El Paso, TX
Lucy’s Coffee (a.k.a. Lucy’s Coffee Shop) is best known on the Internet as a breakfast place, and it is one of several restaurants located near downtown El Paso that seem to be strategically located for people to catch on their way into work. However, the reviews I have seen indicate that most of the customers either make it a special point to come here from their part of town or else they are on a trip and know this is one of the best places to eat before they hit the road.
This is the smallest building in the Lucy’s “dynasty” (there are four Lucy’s restaurants in El Paso). It is counter service only with about sixteen stools available. Most people come for breakfast, and about three-quarters of the menu is devoted to breakfast items. If you want to come for lunch you will have to make it before their 2 p.m. closing time.
Reviewers say it gets very busy at times, and it is worth the wait if there are not any stools available when you arrive. Food is cooked in front of you on a grill, and it did not look as if the grill had the capacity to prepare more than a couple of orders at a time. From my experience, though, the food is prepared very quickly and it would not take much time to turn out a backlog of orders.
The breakfast menu looked good, but reading some of the on-line reviews makes it even more convincing that I would want to try them. These are mostly traditional Mexican dishes (not fusion or alta cocina), but it sounds as if it is more flavorful than most of the ones served in other restaurants.
The lunch menu is very limited. They do not have many of the items for which the original Lucy’s (at 4119 N. Mesa Street) is known. Two of my favorites from Lucy’s (caldillo and milanesa) are not served here. However, the Texas Bucket List television program came to the original Lucy’s to try the machaca and tacos Antonia, both of which are also on the menu at Lucy’s Coffee.
Reviewers also mention the fact that this is a diner. This is evident from the fact that the only seating is on stools and you can watch them cook the food on the grill. However, this was not the type of diner that felt like a greasy spoon, but rather one that seems to have home cooked meals (although no one in my family can make home cooked food like this). The staff really makes you feel at home, and in my case really brightened up my day.
I opted for a lunch with something I frequently order at restaurants–the Combination Plate. There is only one combination plate here, consisting of an enchilada, chile relleno, taco, rice, and beans. The price definitely falls within the inexpensive category when compared to most other combination plates I have ordered.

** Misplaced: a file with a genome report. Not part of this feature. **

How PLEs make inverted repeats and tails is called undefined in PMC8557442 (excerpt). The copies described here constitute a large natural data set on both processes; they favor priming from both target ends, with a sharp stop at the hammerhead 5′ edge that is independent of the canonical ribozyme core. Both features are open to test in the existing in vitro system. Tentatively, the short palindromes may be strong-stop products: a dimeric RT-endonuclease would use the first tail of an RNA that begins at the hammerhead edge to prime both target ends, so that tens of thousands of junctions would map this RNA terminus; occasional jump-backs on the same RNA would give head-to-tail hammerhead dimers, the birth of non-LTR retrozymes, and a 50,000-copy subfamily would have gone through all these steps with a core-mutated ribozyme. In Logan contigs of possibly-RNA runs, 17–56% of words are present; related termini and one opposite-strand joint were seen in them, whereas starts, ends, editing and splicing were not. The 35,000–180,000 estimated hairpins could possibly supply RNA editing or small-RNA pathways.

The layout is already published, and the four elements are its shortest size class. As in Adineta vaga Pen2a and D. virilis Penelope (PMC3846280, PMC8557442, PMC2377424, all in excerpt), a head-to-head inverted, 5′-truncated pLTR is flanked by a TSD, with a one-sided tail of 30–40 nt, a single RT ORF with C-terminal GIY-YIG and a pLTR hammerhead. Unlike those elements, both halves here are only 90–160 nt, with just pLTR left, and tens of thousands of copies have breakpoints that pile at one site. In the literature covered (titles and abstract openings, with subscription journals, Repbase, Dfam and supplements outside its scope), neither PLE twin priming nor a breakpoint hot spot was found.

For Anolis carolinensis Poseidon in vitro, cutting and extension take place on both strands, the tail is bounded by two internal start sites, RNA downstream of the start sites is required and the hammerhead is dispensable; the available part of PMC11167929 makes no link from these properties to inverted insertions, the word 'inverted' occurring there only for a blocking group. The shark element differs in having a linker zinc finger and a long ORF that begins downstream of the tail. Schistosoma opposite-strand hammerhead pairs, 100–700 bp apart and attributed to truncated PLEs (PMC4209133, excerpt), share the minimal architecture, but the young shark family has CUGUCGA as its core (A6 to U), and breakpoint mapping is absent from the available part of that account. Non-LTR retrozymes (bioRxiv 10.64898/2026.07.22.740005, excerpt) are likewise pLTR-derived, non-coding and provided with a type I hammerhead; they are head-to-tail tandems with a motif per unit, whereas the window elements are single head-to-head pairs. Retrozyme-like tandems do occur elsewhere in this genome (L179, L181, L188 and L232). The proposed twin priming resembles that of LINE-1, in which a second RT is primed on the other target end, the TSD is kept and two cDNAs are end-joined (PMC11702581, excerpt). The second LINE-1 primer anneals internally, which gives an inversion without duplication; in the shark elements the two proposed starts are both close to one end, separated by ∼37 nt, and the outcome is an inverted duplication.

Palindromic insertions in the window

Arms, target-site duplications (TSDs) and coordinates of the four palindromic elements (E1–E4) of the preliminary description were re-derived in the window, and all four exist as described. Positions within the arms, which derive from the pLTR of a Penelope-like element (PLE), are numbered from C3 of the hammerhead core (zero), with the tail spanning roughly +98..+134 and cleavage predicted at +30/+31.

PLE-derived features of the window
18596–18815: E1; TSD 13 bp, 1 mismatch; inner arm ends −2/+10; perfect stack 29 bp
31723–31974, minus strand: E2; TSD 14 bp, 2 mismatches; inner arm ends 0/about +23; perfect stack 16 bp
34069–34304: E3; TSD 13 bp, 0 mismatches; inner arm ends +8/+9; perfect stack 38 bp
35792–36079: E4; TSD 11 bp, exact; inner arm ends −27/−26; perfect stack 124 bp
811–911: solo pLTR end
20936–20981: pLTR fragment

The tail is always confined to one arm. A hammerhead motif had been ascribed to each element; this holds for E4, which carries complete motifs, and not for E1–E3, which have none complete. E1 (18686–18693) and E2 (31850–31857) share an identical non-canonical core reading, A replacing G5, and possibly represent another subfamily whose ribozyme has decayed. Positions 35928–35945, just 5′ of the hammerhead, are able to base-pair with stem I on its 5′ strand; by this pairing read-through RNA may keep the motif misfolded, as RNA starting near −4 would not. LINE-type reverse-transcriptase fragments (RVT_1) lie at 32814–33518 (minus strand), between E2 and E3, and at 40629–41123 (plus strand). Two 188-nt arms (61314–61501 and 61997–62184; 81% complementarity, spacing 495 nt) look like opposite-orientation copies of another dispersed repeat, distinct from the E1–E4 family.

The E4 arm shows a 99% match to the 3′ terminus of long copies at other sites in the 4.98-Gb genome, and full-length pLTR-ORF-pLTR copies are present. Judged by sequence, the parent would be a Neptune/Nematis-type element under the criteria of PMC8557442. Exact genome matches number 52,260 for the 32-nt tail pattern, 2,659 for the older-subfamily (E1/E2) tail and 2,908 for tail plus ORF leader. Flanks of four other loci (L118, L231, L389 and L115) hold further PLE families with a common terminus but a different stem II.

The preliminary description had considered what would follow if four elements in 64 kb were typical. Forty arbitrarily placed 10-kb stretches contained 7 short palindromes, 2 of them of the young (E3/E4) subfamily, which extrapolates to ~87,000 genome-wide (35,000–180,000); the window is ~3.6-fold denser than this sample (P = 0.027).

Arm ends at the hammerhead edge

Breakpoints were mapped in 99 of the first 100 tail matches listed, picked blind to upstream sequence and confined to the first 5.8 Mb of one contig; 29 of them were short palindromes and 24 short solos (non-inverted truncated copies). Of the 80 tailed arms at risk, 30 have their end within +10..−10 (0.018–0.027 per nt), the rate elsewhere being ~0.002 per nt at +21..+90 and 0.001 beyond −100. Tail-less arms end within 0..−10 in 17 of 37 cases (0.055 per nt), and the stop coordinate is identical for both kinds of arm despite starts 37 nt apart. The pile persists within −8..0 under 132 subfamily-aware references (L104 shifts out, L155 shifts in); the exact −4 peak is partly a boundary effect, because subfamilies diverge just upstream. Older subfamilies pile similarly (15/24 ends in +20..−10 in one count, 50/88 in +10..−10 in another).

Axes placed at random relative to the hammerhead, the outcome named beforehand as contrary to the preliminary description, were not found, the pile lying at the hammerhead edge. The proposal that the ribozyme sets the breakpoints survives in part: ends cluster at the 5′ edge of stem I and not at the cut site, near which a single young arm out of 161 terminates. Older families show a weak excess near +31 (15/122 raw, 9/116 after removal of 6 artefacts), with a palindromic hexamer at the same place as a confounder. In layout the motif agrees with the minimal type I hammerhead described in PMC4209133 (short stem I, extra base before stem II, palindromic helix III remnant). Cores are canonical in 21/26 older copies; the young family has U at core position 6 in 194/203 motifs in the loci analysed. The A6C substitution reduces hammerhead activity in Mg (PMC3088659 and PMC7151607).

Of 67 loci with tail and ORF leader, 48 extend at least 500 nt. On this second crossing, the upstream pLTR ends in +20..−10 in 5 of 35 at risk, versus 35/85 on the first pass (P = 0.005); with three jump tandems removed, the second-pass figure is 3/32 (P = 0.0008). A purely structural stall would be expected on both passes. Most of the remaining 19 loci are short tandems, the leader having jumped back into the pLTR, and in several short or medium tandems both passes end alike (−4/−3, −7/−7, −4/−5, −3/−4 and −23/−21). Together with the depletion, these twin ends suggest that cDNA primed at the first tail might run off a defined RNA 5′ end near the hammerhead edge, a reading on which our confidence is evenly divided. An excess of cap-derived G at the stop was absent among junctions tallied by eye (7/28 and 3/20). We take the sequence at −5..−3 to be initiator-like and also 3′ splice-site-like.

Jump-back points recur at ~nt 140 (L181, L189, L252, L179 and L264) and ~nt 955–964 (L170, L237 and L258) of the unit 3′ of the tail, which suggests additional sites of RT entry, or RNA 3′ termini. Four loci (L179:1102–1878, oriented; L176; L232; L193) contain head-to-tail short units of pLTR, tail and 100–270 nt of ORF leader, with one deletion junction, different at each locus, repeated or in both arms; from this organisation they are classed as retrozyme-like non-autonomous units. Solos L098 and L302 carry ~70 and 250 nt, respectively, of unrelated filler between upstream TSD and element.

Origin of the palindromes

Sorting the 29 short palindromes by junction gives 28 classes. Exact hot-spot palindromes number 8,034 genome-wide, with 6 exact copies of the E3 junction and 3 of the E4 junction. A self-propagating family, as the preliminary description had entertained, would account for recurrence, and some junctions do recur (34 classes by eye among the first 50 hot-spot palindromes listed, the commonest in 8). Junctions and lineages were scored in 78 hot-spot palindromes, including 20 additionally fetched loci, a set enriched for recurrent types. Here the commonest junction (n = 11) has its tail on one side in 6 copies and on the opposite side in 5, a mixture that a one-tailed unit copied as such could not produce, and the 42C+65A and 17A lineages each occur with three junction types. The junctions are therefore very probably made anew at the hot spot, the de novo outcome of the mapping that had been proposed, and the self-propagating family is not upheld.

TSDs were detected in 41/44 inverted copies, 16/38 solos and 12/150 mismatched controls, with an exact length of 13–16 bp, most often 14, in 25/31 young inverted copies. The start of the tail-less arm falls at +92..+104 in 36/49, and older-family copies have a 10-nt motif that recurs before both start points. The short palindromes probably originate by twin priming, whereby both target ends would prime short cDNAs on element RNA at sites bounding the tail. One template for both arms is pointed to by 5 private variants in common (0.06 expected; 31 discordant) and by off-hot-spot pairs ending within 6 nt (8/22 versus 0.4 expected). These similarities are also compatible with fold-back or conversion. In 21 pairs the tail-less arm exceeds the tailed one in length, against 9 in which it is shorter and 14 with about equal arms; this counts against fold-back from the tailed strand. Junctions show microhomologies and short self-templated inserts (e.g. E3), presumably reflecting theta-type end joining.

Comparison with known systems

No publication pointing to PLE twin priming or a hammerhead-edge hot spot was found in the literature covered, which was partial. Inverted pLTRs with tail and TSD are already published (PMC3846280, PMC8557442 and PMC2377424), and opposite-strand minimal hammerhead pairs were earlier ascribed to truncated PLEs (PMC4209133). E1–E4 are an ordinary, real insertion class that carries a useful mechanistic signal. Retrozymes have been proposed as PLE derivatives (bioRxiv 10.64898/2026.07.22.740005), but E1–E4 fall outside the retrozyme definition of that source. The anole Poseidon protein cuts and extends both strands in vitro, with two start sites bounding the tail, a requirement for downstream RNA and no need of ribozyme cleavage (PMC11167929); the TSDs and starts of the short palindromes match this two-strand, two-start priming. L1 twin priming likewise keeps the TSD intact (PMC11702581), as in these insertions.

The Red Enchilada could have turned out to be a little disappointing because it was cooked on the grill, and I generally think baked enchiladas are best. However, this one had an excellent flavor, and the red chile met my standard for both flavor and piquancy. I thought I detected a slight taste of cumin, but in a small enough amount that it did not dominate the flavor.
The Chile Relleno was quite spicy, had a good flavor, and had a crisp texture. It had a very low amount of oil (just enough so that I would not call it “dry”). The cheese was excellent (which is the one component which I think usually plays the largest part in determining whether a chile relleno is top notch). One more thing I liked was the fact that they did not put sauce on top, but only cheese.
The taco was a little bit different because you have a choice of which type of meat you want (al carbon, ground beef, or chicken). For me, they asked whether I wanted avocado and sour cream on it, and I thought it sounded a little different but it was something I needed to try. This turned out to be the Taco Antonia which the Texas Bucket List featured, and which automatically gave me the choice of the al carbon meat. This was one of the best tacos I have ever eaten, and even though it had a hard shell it was not crispy in a way that would crumble when you eat it. One of the best features was that the “sour cream” was actually Mexican crema with a flavor that I think is much better than I find with American sour cream.
My experience several (perhaps many) years ago at the original Lucy’s was that much of it was mediocre but I really liked a few things. Every restaurant in town has changed over this amount of time, and most for the better, so I am not making any assumptions about the food at Lucy’s Coffee based on this. I do know, though, that everything I had was excellent.
The lunch menu is limited and it closes at 2 p.m. Another thing I think might be limited is the drink choices. The menu says they have canned Coke, Mexican Coke, iced tea, coffee, milk, and orange juice (which are about the same choices found at many restaurants). It seems that as much as I liked the lunch, though, the big draw is the breakfast.
They do not serve chips and salsa here (maybe this is one reason for the low prices). After I finished I realized that they did not give me any salsa with my meal and also that I did not need any (normally I have to use it to spice up the taco but this taco was fine the way it was). I suspect, though, that if you want salsa they will give it to you.
Cuisine: Mexican El Paso
Hours: Open 8 am to 2 pm Mon-Fri
Accessible: Not Sure
Smoking: No smoking
Most Recent Visit: Aug. 16, 2022
Number of Visits: 1
Best Items: Taco Antonia, Chile Relleno, Red Enchilada